The German Co-Pilot: Toward a Vertical Mental Health Metric

I was touched the other day when I read that the man who trained the German pilot who recently deliberately crashed a plane with 150 people on board has received death threats.  How could this man have any way of knowing what his future student was capable of?

Andreas Lubitz, the German co-pilot who crashed a plane into the French Alps.  Photo from The New York Times

Andreas Lubitz, the German co-pilot who crashed a plane into the French Alps.  Photo from The New York Times

I think there's a shift that needs to happen- and has been happening- in these discussions about terrorists and mass murderers that have been shocking us month after month for the last decade or so- school shooters, movie-theatre shooters, marathon bombers, ISIS terrorists, Nigerian terrorists, etc.  Not to think of them as essentially evil as in the dualistic black and white polarity, as falling to the far right on some horizontal spectrum, like an antiquated duality of good people versus bad people. 

To me, it would be more helpful if we thought of humanity as being on a vertical scale of emotional health- like on Don Riso's scale of the nine levels of health- even if it means saying the prevailing culture of an entire country is in the unhealthy levels- like those in civil wars- at least it puts the conversation in an emotional intelligence frame of reference instead of a good versus evil framework.  The former gives us something to work with in the secular sphere.  The latter- with a decidedly religious overtones- recalls witchhunts and holy wars.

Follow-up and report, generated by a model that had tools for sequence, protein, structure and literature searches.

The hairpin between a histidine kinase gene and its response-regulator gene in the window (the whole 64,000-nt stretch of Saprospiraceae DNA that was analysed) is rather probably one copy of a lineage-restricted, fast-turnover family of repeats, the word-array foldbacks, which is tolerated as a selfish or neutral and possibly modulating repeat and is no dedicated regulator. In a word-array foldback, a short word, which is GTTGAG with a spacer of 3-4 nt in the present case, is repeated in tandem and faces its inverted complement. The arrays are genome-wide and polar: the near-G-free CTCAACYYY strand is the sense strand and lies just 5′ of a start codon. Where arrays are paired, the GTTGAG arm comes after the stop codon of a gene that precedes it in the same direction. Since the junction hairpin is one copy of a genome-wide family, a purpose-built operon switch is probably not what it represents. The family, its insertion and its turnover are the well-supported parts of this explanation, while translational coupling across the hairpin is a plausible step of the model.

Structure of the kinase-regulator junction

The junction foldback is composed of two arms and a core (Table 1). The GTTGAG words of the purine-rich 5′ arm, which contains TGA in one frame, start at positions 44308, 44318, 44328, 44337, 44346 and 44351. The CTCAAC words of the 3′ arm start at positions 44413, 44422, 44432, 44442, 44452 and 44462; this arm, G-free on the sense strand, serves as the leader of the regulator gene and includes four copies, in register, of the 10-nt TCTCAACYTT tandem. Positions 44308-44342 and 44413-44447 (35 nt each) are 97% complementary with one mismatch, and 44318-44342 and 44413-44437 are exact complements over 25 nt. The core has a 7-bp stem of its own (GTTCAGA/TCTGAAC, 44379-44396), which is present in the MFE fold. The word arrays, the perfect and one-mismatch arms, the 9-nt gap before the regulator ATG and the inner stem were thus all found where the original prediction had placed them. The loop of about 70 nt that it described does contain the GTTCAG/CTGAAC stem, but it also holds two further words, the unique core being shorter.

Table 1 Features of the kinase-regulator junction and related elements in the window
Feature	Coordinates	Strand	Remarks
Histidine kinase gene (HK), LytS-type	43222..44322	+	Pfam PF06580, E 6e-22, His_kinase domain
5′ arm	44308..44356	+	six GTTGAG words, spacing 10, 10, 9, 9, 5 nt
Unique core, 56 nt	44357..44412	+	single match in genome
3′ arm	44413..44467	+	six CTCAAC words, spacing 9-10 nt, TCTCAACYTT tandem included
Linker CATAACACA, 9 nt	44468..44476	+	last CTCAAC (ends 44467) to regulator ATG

Sometimes after talking briefly about the nine types with someone, they'll say, "Which type is the asshole?  Because I've got a brother-in-law who ...".  The point of the Enneagram is that any type can be an asshole- sure we might have different adjectives- bitchy, needy clingy, heartless.  And at their worst, if we continued to descend down the levels, each type is capable of committing horrendous acts.  It's grace (and there are different ways of interpreting that word) that keeps us in the average levels.  (It's surprising when you hear Don and Russ say that 99% of the world's population is in the average levels.  After a while you get it.  There might be .5% in the healthy levels and .5% in the unhealthy levels- and that's probably an overestimation.)

Talking about personality types is healthy because it helps us all see how every, teeny tiny decision we make in every day lives are a response to one core fear- as Don Riso and Russ Hudson calls them- our red flag fears, and what happens when we repeatedly come up to that red flag fear and make the wrong decision?  We descend down the levels of health. 

On a vertical spectrum that we're all capable of scaling in either direction, we might find we have a greater capacity for compassion for those who have unconsciously flailed their way through the decision-making process and found themselves imprisoned at the very bottom.

For the sake of the sanity of our societies and the future of our planet, we need to frame crime in terms of emotional health on a vertical scale of emotional intelligence.  I think it opens up more possibility for discussion, compassion, and more of a vocabulary around healing.